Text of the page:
Occasionally, dating students does happen. However, most professors are pretty wise to prevent this from happening by setting barriers in place.  For example, there are pretty strict rules in place not to date undergraduate students, and we can lose our jobs. Really – it can happen. Not only that, you can be subject of rumor as ‘that person.’ Rather than be urban legend, most professors are really careful about relationship kind of stuff. It took a lot of work to get that professor position to loss it based on some scandal. The notion that a student and professor gets swept off their feet like in the movies is just not real – that is not how love works.


If a student does make a pass at a professor, 9 times out of 10, it will be rejected and will be quietly reported to senior faculty (department chair) to make sure things are ok with their job, or at least all rules and procedures are followed.


However, when professors are romantically interested they will wait until the student is completed their degree. Generally, it is so rare, that I am fairly comfortable saying that this does not occur with undergraduate students. It does occur more often with graduate students, but this is still rather rare. Of course, love happens at all ages.

Do professors answer emails on weekends?

Yes, most professors will check email on the weekends. We might look at the email to see if it is very important.


Do we answer the emails? It depends on what is happening in our lives at the time.  Also, in some parts of the world, the workplace might prohibit professors from answering emails after hours, unless they really want to answer those emails.


Thus, if you’re going to send an email to a professor on the weekend, you should expect a reply the following work-week. You will likely not get an email reply that day.

Do professors make a lot of money?

It depends on what you mean by a lot of money. Wages and salaries of professors are publicly available information in most states in the US, and provinces in Canada.  You are free to look up this information.


However, if you compare against what most people get in industry for the same education  an experience level, we are probably about 10-25% underpaid than what people in industry make.  In some academic fields, the disparity might even be larger. If you are interested in finding how what fields do better in terms of salaries, you so watch this video:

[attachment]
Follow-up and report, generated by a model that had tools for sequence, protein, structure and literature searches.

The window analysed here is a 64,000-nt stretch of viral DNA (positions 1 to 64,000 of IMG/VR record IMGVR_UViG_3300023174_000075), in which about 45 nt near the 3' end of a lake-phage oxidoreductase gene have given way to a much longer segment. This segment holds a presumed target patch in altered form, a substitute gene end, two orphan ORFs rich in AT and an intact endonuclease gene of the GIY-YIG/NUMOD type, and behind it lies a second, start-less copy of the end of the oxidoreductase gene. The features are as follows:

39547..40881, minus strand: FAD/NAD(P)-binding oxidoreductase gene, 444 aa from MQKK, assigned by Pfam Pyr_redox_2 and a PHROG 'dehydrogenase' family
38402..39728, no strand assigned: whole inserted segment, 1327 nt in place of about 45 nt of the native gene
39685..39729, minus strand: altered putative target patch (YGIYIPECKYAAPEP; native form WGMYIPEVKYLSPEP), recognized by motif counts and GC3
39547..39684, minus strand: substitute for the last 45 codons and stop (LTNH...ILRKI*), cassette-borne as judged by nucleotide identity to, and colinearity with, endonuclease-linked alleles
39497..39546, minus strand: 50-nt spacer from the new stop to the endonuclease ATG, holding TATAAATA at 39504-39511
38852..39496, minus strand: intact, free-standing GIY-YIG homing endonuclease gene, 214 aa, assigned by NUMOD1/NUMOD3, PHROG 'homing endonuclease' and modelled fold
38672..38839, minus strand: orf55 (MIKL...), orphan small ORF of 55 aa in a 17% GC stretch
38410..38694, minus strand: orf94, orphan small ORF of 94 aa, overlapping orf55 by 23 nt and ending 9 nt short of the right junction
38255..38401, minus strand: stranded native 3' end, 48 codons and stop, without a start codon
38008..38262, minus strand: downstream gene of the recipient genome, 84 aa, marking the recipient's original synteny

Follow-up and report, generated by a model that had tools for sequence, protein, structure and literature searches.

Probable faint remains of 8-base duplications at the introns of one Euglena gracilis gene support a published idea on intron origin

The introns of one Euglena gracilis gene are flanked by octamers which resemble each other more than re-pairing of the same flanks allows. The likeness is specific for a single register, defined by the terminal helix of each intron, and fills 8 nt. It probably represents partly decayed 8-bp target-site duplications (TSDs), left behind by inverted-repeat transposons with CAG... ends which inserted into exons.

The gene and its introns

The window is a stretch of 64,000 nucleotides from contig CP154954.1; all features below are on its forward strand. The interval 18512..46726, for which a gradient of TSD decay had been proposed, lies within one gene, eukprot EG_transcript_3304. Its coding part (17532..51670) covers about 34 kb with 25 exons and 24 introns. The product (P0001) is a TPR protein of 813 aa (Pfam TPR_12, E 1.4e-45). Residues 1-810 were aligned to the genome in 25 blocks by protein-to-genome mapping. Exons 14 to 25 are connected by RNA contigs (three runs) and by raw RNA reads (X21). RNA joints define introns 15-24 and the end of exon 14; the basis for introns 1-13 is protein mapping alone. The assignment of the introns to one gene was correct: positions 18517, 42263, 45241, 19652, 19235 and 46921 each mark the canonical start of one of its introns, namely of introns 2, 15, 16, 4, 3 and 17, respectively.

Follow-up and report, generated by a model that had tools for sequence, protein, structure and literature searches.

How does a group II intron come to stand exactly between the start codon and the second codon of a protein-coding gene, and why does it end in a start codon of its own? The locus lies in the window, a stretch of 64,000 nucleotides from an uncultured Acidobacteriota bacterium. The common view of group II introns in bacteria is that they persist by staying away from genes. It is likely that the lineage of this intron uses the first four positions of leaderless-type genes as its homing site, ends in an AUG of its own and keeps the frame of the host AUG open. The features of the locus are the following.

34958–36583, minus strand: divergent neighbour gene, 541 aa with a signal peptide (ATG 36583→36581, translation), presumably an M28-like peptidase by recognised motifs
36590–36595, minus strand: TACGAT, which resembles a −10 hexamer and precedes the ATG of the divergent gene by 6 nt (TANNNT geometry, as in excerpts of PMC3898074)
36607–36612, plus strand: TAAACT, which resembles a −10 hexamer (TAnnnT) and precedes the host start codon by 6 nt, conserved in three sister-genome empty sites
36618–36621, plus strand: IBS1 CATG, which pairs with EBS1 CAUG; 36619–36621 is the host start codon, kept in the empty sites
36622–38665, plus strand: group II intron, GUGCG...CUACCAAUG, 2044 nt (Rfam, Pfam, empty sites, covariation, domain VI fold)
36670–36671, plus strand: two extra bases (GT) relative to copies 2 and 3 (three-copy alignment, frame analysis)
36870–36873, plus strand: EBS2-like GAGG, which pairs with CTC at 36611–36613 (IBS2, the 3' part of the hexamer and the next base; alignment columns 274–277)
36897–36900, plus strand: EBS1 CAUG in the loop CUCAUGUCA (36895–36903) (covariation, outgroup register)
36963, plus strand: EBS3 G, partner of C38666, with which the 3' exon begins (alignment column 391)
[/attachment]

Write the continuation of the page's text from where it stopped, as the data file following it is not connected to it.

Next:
However, this is not a complaint. If you compare to the median salary in a country, many professors do ok, and have a pretty good living. Generally, the academic marketplace is such that professors make a comfortable living to live a reasonable life. You will really see a ‘rich’ professor driving around in a Bentley, but you will not likely see a tenure-tracked professor who is eating cat-food either.


That being said, If you’re interested in wealth accumulation, the wages and salaries of somebody often doesn’t predict their wealth accumulation when they are older. A bigger factor as to whether somebody becomes rich is whether they actually invest 10-25% of their salaries in reasonable mutual funds over their working-life. Unfortunately, it is rare that people invest over the course of their life, even for many academics. Thus, you might actually see rich professors, but they do not look rich or make a substantial sum of money. They are rich professors because they saved and invested their whole life.

You have to watch the YouTube video to watch me discuss these issues in person. You will love it:

Finally, I wanted to point out that this is part of my r3ciprocity project, in which I am building a sharing economy proofreading platform to get feedback on your writing to find freelance editors that are going to do a good job at your work. The principle behind the proofreading platform is based on reciprocity – give and take. In addition, I wanted to give back to graduate students because there are so many people that helped me out to get to graduate school, so I am accumulating resources of all of the different things that I have learned about graduate school and getting your PhD. Here are some interesting articles that I wrote that you should read:

  1. Why I am building a writing accountability software, and why this will matter for science.
  2. Should you get a PhD to fast-track your way to business executive?
  3. Is the GMAT easier than the GRE? And, why it does not matter.
  4. The best advice and tips to write your PhD Statement of Purpose To Get Into A Business School.
  5. Is 30 years old, too old to get your PhD?